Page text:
Ragnar and Lars had stayed on at the museum until the end of the tour. Ragnar even bought himself a little packet of postcards in the tiny gift shop near the exit doors.

All in the hour the train had been stopped to refuel, allow time for the station workers to clean and restock the train and for the new passengers to board. They’d rushed straight from the museum to the train, arriving just in time to return to their compartment with their loot as the train began rolling down the tracks.

The train began to slow as it reached Ekaterinburg and Ragnar quickly rolled the epaulette back up in the swatch of velvet and returned it to Lars.

“Guard that thing with your life.” Ragnar warned. “We’ll get the second clue sorted and confirm the wins with HQ in one go.”

“No problem, boss.”

“How long does the train stop here.”

Lars studied the timetable. “Not long. Half an hour.”

“Plenty of time.” Ragnar shrugged into his coat. “Get the camera.” He swept from the compartment.

Virginie watched Ragnar from behind a vendor’s stand as he disembarked from the train. He turned, while standing on the little steps down, completely oblivious to the fact that he was blocking traffic both getting on and off the train and spoke to his assistant. The assistant nodded and patted his left breast pocket. Ragnar seemed to press whatever point he was making.

“What’s happening?” Gregory’s voice floated up from behind her. “Virginie?” He was trying to lean around her.

Virginie pressed the flat of her hand against his chest, pushing him back behind her and out of view.

“I can’t see!” It was a quiet puff of sound.

She ignored him.

Ragnar’s assistant was peeling back one side of his coat, reaching in.

Virginie leaned forward. She had a second’s disquiet as she remembered what had come of her last attempt at eavesdropping. She pushed those feeling aside. She was rewarded with a glimpse of a little red object in Lars’ hand.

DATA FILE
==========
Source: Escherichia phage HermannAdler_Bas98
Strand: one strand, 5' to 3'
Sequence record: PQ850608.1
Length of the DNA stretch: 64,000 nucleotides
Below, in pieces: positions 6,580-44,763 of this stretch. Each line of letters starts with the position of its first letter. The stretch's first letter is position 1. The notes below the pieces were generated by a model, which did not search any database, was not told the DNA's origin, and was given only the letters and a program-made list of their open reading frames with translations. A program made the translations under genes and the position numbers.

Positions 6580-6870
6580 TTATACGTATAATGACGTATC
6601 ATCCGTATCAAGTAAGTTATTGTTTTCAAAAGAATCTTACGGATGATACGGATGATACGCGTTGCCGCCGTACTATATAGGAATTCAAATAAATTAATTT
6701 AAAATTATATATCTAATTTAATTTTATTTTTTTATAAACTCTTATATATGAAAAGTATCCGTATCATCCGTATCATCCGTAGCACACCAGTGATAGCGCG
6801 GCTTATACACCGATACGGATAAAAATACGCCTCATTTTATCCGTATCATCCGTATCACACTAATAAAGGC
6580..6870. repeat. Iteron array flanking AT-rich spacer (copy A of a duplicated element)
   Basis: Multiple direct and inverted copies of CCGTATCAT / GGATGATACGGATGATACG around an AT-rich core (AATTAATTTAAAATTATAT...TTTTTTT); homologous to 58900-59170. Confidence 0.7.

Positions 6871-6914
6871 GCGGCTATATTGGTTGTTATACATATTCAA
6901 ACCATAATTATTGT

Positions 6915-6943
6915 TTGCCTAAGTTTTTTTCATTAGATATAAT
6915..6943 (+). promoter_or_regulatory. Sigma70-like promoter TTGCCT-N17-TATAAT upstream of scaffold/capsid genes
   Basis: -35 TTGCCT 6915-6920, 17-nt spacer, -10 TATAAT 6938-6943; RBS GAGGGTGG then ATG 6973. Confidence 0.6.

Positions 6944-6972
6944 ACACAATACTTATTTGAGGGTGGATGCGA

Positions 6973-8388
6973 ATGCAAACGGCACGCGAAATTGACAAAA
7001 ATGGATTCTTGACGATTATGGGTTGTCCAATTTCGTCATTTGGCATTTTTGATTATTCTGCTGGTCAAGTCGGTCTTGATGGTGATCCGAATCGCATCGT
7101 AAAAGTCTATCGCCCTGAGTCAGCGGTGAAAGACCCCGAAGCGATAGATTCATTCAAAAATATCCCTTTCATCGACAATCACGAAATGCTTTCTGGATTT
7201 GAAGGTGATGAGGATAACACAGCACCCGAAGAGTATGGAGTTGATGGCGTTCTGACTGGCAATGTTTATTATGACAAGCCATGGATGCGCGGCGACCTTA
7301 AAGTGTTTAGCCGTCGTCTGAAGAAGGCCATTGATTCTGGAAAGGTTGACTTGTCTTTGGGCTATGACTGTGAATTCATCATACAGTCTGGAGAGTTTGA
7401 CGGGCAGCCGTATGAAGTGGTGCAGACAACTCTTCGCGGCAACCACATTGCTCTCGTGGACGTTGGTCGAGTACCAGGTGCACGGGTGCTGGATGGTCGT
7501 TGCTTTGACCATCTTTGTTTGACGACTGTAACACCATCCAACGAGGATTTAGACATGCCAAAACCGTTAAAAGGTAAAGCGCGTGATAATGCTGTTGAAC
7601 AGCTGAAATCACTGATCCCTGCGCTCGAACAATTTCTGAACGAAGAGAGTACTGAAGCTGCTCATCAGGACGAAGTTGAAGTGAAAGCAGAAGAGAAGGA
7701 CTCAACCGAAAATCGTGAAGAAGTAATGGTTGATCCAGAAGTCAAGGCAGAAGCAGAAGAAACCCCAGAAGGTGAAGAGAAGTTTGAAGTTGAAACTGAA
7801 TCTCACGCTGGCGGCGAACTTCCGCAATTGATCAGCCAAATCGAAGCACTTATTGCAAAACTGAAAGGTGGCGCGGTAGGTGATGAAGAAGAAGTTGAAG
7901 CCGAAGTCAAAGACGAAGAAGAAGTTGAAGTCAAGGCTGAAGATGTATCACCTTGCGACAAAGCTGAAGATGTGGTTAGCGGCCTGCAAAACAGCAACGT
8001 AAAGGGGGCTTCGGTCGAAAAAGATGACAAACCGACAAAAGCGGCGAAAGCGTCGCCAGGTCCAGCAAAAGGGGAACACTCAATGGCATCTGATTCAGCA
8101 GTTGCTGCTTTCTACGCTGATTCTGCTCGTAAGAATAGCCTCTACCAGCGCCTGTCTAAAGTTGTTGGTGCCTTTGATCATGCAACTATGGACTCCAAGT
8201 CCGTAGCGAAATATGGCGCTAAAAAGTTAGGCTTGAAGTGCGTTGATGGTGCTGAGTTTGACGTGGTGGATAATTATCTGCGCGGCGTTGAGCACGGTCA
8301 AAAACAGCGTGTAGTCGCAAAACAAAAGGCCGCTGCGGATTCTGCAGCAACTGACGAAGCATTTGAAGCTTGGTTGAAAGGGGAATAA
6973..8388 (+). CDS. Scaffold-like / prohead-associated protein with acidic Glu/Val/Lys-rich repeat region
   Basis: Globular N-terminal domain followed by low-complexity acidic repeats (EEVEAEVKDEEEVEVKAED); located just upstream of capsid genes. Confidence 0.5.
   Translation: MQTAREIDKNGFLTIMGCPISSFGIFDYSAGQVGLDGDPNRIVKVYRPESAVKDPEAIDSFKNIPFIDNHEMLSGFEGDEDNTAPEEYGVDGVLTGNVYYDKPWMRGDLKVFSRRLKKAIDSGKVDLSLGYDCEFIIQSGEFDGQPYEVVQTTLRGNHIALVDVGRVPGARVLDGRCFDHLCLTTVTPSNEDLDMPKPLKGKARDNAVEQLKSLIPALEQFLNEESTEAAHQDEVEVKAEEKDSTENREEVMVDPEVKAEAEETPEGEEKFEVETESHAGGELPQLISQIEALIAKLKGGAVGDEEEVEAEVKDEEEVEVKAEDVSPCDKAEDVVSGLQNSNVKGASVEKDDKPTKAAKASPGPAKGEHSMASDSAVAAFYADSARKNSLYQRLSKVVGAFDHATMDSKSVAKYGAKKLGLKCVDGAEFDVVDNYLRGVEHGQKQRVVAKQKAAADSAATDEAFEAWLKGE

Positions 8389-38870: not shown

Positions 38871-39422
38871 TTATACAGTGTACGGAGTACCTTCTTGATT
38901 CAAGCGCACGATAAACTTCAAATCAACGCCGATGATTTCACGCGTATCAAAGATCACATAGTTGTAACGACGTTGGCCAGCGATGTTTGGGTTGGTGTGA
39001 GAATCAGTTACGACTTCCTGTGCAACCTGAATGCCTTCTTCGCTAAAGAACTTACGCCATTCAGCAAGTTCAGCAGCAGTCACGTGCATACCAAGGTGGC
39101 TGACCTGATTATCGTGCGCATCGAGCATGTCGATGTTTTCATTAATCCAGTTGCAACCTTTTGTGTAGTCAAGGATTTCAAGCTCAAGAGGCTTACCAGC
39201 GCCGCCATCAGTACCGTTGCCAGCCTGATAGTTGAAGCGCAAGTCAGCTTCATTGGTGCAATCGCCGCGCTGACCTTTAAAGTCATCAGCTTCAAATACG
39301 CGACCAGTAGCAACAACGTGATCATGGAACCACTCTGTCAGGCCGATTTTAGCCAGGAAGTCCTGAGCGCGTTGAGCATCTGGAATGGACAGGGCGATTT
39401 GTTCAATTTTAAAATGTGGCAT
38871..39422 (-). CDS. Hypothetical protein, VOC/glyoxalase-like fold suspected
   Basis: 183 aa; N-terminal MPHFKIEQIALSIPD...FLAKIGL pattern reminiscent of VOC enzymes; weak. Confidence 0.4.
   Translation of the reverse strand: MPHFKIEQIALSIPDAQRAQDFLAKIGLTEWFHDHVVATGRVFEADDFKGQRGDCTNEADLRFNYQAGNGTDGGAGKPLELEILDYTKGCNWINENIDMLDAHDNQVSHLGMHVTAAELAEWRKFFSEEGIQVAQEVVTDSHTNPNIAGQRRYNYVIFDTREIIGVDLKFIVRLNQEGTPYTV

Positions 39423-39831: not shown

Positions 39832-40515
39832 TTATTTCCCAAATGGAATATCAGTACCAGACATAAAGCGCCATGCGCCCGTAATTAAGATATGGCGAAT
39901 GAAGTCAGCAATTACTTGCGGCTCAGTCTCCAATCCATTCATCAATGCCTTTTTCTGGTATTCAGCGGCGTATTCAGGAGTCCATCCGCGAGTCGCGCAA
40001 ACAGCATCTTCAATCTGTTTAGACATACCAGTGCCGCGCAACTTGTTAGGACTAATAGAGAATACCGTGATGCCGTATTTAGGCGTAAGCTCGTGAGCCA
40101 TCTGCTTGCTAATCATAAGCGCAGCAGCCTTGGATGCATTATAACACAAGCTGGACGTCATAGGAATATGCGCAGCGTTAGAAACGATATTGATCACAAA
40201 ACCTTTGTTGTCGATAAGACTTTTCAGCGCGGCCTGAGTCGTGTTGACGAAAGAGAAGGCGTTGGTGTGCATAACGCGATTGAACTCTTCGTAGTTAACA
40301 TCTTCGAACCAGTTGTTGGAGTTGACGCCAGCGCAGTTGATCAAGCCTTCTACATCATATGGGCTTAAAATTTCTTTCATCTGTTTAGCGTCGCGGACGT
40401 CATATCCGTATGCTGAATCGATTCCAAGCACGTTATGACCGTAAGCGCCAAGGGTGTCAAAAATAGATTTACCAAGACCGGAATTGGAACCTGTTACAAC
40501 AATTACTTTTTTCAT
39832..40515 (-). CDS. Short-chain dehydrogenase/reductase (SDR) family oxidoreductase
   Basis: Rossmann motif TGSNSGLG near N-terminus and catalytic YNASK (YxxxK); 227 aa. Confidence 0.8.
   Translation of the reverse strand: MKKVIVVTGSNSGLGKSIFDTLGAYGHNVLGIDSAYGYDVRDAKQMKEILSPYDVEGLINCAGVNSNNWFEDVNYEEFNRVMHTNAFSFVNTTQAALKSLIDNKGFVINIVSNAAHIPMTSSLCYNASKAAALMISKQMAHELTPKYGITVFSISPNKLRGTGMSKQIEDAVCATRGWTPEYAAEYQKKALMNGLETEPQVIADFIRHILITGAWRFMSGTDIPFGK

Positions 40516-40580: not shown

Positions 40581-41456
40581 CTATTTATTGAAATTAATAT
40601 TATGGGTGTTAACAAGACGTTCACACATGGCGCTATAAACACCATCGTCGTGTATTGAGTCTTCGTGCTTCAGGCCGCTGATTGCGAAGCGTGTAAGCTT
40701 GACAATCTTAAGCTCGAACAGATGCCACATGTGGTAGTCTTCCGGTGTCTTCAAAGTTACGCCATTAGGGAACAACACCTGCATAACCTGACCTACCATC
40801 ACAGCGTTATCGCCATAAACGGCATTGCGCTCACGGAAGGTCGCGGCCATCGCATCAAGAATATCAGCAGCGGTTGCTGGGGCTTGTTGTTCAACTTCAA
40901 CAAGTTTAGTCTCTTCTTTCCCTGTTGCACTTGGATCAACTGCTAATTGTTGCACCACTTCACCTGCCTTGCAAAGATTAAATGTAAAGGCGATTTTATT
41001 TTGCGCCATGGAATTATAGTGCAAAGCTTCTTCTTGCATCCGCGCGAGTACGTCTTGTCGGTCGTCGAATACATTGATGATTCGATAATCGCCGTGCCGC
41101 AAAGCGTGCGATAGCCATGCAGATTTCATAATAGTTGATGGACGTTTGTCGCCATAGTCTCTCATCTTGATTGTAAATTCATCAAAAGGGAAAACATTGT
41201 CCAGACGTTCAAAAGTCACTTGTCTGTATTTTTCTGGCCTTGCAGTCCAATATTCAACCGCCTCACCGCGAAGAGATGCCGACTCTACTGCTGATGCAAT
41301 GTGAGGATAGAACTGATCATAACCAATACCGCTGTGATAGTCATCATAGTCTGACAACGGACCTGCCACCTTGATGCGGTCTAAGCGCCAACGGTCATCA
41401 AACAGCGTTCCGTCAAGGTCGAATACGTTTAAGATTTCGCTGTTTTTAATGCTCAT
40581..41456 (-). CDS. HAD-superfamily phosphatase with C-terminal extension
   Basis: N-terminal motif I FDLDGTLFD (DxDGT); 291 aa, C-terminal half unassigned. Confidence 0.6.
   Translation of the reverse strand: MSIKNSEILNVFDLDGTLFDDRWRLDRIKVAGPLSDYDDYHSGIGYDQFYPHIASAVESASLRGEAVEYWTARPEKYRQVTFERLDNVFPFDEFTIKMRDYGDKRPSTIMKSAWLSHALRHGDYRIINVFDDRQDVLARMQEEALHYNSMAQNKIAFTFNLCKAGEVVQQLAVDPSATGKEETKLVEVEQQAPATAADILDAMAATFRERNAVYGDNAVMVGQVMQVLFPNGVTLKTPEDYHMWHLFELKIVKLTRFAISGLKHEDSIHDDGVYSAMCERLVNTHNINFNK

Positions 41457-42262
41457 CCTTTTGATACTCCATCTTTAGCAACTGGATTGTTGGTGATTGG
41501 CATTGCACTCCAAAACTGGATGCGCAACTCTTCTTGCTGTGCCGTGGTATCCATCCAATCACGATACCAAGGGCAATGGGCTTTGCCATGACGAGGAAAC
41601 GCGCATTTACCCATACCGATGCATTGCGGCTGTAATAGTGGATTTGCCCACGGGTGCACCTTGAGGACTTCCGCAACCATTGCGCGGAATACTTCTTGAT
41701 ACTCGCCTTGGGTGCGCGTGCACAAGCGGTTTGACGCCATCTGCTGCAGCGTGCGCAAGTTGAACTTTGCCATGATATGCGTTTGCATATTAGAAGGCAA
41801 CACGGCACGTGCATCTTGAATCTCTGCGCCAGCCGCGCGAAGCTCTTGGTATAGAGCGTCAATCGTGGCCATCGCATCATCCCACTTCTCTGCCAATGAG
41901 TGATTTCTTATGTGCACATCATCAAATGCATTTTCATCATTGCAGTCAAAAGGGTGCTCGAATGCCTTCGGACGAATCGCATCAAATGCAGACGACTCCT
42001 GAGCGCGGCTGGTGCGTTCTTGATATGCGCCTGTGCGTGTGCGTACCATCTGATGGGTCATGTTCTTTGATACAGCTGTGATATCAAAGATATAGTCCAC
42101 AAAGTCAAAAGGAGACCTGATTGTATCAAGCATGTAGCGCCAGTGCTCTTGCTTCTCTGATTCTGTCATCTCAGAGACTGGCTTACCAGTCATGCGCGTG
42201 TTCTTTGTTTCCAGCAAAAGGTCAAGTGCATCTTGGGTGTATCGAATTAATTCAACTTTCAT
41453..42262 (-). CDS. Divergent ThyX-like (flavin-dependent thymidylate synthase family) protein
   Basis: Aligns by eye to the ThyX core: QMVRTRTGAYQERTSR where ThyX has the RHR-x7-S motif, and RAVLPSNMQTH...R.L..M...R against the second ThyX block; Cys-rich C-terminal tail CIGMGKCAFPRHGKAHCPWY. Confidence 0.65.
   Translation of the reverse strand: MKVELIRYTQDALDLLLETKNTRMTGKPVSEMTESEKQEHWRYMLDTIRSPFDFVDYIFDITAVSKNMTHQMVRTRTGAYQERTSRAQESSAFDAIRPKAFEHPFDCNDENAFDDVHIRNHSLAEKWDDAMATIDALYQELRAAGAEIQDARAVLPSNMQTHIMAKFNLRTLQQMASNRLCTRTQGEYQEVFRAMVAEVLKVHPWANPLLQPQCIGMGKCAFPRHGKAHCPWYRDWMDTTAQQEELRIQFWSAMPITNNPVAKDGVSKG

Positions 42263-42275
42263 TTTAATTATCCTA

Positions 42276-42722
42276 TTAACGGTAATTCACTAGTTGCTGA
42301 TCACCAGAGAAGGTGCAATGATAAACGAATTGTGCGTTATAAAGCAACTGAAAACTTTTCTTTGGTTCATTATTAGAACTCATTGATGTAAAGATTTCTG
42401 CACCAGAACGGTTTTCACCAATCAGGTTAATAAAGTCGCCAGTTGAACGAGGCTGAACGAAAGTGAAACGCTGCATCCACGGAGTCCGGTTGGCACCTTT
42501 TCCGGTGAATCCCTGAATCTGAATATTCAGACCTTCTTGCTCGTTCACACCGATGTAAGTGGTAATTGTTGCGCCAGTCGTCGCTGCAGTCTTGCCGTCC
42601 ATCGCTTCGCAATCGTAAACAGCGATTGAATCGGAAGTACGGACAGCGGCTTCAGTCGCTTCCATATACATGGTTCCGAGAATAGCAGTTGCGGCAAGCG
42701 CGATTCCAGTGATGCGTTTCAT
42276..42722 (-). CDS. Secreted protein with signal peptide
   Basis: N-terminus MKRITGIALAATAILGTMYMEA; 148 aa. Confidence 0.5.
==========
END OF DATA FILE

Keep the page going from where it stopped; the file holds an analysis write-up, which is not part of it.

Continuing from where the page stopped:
“Virginie, come on!”

“They have it.” She muttered back finally.

“Well…” he sounded disappointed before taking a deep rallying breath, “well, no matter. We thought they would.”

“But I actually wasn’t expecting the winner of the epaulette to be on this train. There couldn’t have been enough time to find and retrieve the prize and then alert HQ.”

Gregory shrugged. “Maybe they haven’t sent word to HQ yet. That’s probably why they’re getting off here.”

She turned to him so suddenly that he gasped. She grabbed his wrist and began yanking him forward. “Just follow me.”

“Where to? What’s going on? Aren’t we going to board the train?”

“Forget the train, Gregory, and focus. Don’t you realize the import of what you’ve just said?”

“What did I say?”

The breath hissed from between her teeth in exasperation. “If they haven’t alerted HQ, then the prize is still open to be won. Why don’t we win it?”

He stared at her as though she were an idiot. “Um, we can’t because they’ve already got- Oh…” He dragged out the last word as understanding dawned. “You want to steal it, don’t you?”

Virginie continued dragging him along behind her, keeping a careful eye on Ragnar and Lars pushing through the throng ahead of her. “Yes.” She glanced back at him. “Are you game?”